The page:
There are only three housing programs that are listed for purposes of public charge determinations: the Section 8 Housing Choice Voucher Program, Section 8 Project-Based Rental Assistance, and Public Housing programs – all programs administered by HUD. This means that the public charge test will only impact immigrant survivors who:
- Do not fall into an immigration status mentioned in the prior paragraph;
- Are applying for a green card, are applying for an immigration status other than one listed above, or are applying to reenter the U.S.; and,
- Who have or are receiving subsidies from the Section 8 Housing Choice Voucher, Section 8 Project-Based Rental Assistance, or Public Housing programs.
Only benefits explicitly listed in the rule are considered in a public charge determination. Therefore, other housing and homelessness programs not mentioned in the rule are not considered in the public charge determination.
For more information, see NIWAP’s The Impact of the 2020 Public Charge Rule on Transitional Housing and the Protecting Immigrant Families campaign’s Know Your Rights materials on public charge.
What other public benefits are immigrant survivors eligible for?
In addition to safe and affordable housing, immigrant survivors may be eligible for a wide range of other public benefits and services. What public benefits a survivor qualifies for varies by the survivor’s immigration status or the type of immigration relief the survivor has applied for, what state the survivor is living in, when the survivor first entered the United States, and the type of publicly funded benefit or service the survivor or their children need. To assist advocates in quickly identifying publicly funded benefits and services that a survivor qualifies for, NIWAP developed a public benefits map identifying the range of government-funded services and benefits that immigrant survivors are eligible for by state.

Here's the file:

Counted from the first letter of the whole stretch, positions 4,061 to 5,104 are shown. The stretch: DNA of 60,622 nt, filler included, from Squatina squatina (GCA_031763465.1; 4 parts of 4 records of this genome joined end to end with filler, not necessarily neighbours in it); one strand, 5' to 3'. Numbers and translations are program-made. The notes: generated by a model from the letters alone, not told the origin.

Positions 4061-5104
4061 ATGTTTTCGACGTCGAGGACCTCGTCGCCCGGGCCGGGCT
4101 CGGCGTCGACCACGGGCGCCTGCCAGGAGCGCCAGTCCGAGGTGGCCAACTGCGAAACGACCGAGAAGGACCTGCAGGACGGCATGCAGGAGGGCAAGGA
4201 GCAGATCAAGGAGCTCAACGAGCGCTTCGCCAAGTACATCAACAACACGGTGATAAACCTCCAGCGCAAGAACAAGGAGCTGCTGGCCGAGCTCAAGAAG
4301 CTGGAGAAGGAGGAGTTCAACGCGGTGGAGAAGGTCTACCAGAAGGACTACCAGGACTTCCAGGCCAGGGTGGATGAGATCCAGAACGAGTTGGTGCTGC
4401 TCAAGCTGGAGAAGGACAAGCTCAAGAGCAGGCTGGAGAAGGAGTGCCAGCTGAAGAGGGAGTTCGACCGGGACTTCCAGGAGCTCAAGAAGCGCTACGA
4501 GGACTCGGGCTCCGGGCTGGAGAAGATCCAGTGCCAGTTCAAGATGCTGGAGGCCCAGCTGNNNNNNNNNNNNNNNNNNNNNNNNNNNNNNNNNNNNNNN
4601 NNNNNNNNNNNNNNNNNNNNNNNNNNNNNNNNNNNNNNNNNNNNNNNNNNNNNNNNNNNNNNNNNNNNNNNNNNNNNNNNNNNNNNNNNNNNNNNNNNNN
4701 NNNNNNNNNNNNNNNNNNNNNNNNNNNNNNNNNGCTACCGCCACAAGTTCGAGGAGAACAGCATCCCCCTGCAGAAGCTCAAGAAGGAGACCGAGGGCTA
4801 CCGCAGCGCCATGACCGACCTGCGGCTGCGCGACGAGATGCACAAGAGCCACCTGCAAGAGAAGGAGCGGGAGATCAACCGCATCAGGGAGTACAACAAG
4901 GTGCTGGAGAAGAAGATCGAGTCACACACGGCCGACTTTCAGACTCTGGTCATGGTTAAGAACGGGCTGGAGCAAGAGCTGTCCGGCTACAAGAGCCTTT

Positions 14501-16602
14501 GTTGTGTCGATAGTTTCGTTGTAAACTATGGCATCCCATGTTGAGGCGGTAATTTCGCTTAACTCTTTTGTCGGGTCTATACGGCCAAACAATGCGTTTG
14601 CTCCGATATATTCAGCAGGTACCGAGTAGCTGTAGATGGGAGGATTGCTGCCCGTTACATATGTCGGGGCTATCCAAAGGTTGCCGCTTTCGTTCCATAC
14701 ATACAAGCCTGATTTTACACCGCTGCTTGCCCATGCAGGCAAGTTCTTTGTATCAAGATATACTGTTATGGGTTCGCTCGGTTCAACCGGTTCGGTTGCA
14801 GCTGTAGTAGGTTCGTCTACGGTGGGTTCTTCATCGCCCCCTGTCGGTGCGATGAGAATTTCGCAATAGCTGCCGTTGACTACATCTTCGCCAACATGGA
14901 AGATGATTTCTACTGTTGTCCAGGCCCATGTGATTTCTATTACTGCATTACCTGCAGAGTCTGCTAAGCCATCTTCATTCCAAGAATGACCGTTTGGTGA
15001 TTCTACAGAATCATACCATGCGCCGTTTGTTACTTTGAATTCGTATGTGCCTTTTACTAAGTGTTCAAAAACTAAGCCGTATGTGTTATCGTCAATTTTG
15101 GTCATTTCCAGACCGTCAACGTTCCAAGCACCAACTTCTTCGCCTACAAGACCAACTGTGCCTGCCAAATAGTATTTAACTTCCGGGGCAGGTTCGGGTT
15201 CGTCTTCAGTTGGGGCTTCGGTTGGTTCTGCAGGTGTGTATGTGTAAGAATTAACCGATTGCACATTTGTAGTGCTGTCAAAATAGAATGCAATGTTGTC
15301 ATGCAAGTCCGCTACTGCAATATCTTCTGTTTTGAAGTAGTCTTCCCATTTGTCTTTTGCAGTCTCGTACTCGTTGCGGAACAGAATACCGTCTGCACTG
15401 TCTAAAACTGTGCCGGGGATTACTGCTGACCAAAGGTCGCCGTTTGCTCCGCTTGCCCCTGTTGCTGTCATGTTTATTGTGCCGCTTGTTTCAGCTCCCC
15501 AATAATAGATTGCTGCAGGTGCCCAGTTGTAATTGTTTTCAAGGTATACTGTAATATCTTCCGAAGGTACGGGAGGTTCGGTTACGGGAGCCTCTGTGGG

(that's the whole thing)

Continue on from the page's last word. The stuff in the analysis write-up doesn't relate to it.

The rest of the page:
NIWAP also developed a series of state-by-state charts tracking a wide range of public benefits that various categories of immigrant survivors are eligible for by state. Further, there is a guide for using NIWAP’s public benefits map and charts. For more information, see NIWAP’s, Programs Open to Immigrant Victims and All Immigrants Without Regard to Immigration Status
Safe Housing Partnerships: The need for safe and affordable housing is one of the most vital and immediate concerns for survivors of violence and abuse. Safe Housing Partnerships, the website for the Domestic Violence and Housing Technical Assistance Consortium, offers resources and tools to advance your work at the critical intersection of domestic violence, sexual assault, homelessness, and housing.
NRCDV Report: The Difference Between Surviving and Not Surviving: Public Benefits Programs and Domestic and Sexual Violence Victims’ Economic Security (January 2018) – This report details barriers survivors encounter when trying to access public benefits programs, cross-sector collaboration and systems-level advocacy, and possible legislative changes to these critical programs.
This publication was made possible by Grant Number 90EV0451 to the National Resource Center on Domestic Violence from the Administration on Children, Youth and Families, Family and Youth Services Bureau, U.S. Department of Health and Human Services. Its contents are solely the responsibility of the presenters and do not necessarily represent the official views of the U.S. Department of Health and Human Services.